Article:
San Francisco in August
I guess I could call this post, “I left my heart in San Francisco”. A little obvious?! I do like Tony Bennet though.
It was our first time visiting this special city. We really wasn’t sure what to expect. I probably had a more romanticized expectation of the City by the Bay. Don’t get me wrong, it is a lovely, memorable, iconic city. So much of what I expected it to be. The hills, the trolley cars, the painted ladies, the fog, the docks, the bridges, Chinatown… everything I had been anticipating totally lived up to my expectations, and beyond! And from all those Film Noir movies, like Dark Passage with Bogie and Bacall. The first thing I loved, the weather! Much cooler than the heat and humidity we had been enduring all summer back in Toronto. It was always in the high 60’s to 70, and sunny. Cool evenings for sleeping and fog in the mornings, but perfect for when we headed out to explore the city.
It is a much smaller city core than I was expecting. Coming from a big city, I guess I just expect other major cities to be of similar size and expanse. But it is definitely a walkable city, and the neighbourhoods are closely linked to the downtown core, which was our base. Not sure if the size of the city has anything to do with it, but the people are super friendly, engaging, and helpful. There are some areas that had their moments, but not so bad that I would avoid walking through them to get to good food!!
And after writing all this, I must say, I thought Chinatown would be more sketchy!! It wasn’t at all. Shows how much I know, or how much media through the years has affected my preconceived ideas. It was just like Chinatown in Toronto or NYC. A cacophony of colours, noises, foods, produce, bustling with people. Just what I wanted to see! Of course I grabbed some dim sum while wandering those streets.
There are way more hills than I thought!!!! I would like to think that all that walking, all those inclines, worked off all the fantastic food we indulged in. And those hills really do add to the charm of the cityscapes. To see the straight, proper, beautifully preserved Victorian houses on pretty steep inclines, with cars parked precariously on a slant in front of them was most amusing! Speaking of preserved Victorian houses. The Painted Ladies. Yes, a total 80’s tv sit-com salute to ‘Full House’!! It was wonderful to walk down and up and down till we came face to face with these beautiful buildings. Did you know, that in order to receive the classification of ‘painted lady’ the home must be painted in at least three different colours for all the gingerbread trim? I didn’t either.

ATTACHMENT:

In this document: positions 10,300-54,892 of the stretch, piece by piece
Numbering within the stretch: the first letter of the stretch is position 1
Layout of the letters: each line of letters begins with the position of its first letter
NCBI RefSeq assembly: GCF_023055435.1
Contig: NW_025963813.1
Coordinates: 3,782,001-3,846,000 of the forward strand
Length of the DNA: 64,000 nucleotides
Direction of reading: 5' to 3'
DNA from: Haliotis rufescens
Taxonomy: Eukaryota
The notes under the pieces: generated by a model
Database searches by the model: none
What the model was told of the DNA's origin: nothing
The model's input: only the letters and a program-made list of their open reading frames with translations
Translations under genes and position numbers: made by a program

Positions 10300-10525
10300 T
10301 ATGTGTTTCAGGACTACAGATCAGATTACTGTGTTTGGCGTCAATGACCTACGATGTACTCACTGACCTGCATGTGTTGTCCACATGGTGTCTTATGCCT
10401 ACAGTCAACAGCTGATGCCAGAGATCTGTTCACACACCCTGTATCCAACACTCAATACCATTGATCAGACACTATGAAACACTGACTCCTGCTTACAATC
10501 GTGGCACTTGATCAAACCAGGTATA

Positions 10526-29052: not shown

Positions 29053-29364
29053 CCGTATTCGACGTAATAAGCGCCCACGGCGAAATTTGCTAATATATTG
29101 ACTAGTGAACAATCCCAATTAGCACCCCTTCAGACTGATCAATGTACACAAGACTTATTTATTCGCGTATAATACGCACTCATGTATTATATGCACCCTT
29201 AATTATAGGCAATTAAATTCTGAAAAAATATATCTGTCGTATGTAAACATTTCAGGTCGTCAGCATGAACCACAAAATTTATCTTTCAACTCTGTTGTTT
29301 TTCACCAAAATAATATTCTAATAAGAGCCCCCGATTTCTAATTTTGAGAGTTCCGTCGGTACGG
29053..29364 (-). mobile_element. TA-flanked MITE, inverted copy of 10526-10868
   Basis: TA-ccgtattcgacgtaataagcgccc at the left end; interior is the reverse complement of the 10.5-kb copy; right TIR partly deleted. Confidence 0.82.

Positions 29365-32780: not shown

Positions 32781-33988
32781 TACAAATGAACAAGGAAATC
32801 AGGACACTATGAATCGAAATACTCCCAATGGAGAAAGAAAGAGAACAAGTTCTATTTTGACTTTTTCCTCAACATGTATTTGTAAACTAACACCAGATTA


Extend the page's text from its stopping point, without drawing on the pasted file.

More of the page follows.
We ate well during our visit. This is an understatement. There are so many iconic places to grab a bite at. San Francisco well represents California cuisine at its finest. The farm to table mentality, and the appreciation of the wines made just north of the city in Sonoma and Napa are highlighted in any notable eatery. It was a challenge to narrow down our choices, and I’m sure I missed out on so many. But, there is only so much one can eat in a day, so we’ll save some for the next visit. Boudin for the city’s first sourdough- the aroma coming out of that bakery was absolutely heady!! Tartine Bakery for the most amazing pastries. I kept it simple with a classic croissant. Truly, the most impressive lamination and fluffiness I have had in years. Totally melt in your mouth.
On our first day walking around, we headed to Brenda’s French Soulfood for lunch. Fried carb lovers paradise!! Beignets, po’boys, catfish, hushpuppies, fried chicken, étouffée, shrimp and grits, the list goes on and on. And it was worth the wait. Nothing was below superior. Worth all the pain that I would inflict on my foot- but I’m sure I walked off those calories by the end of the first day.